Schooling, Labour Force Quality and the Growth of Nations: Comment
AbstractHanushek and Kimko (2000) concluded that, for a sample of nearly 80 countries, the quality of the labour force is significantly positively related to economic growth rates for the period 1960-1990 and is more important that mean years of schooling. In this paper, we further test the robustness of their result by firstly including in the original model a proxy for labour force health, and secondly by re-estimating the model for a later sample period. We conclude that the findings of Hanushek and Kimko are not robust to these changes. In particular, their measure of labour force quality is significantly but negatively related to economic growth rates for the later sample period.
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Bibliographic InfoPaper provided by School of Economics, University of Wollongong, NSW, Australia in its series Economics Working Papers with number wp03-04.
Length: 16 pages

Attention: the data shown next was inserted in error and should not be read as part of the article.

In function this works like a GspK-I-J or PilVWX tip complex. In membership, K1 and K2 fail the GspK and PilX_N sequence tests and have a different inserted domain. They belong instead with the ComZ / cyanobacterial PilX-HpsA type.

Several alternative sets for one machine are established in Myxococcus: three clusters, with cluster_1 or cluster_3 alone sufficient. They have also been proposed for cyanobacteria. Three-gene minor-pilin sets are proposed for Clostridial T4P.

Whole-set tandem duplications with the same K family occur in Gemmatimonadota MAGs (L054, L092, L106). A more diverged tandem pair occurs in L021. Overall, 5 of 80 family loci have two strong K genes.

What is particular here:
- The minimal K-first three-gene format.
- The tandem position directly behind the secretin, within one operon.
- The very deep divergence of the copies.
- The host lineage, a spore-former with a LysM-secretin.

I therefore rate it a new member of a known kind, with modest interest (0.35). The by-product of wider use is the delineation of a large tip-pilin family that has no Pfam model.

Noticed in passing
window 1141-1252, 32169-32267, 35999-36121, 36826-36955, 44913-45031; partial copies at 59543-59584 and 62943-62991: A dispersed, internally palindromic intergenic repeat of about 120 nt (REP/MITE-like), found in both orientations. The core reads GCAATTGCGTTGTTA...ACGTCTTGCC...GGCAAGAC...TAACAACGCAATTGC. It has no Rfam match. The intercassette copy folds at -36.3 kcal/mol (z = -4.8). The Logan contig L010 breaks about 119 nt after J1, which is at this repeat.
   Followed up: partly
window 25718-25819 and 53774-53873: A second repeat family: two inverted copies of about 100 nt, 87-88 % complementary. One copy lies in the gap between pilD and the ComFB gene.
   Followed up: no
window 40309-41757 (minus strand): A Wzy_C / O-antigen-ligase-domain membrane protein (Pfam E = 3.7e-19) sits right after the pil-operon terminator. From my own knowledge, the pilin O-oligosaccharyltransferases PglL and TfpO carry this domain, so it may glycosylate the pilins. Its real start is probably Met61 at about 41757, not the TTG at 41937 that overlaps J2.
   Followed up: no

Date of creation: 2003
Date of revision:
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Postal: School of Economics, University of Wollongong, Northfields Avenue, Wollongong NSW 2522 Australia
Phone: +612 4221-3659
Fax: +612 4221-3725
Web page: http://business.uow.edu.au/econ/index.html
More information through EDIRC
Labour force quality; labour force health; growth;
Find related papers by JEL classification:
- O47 - Economic Development, Technological Change, and Growth - - Economic Growth and Aggregate Productivity - - - Measurement of Economic Growth; Aggregate Productivity; Cross-Country Output Convergence
- C21 - Mathematical and Quantitative Methods - - Single Equation Models; Single Variables - - - Cross-Sectional Models; Spatial Models; Treatment Effect Models
This paper has been announced in the following NEP Reports:
- NEP-ALL-2003-11-16 (All new papers)
- NEP-DEV-2003-11-16 (Development)
- NEP-LAB-2003-11-16 (Labour Economics)
Please report citation or reference errors to , or , if you are the registered author of the cited work, log in to your RePEc Author Service profile, click on "citations" and make appropriate adjustments.:
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CID Working Papers
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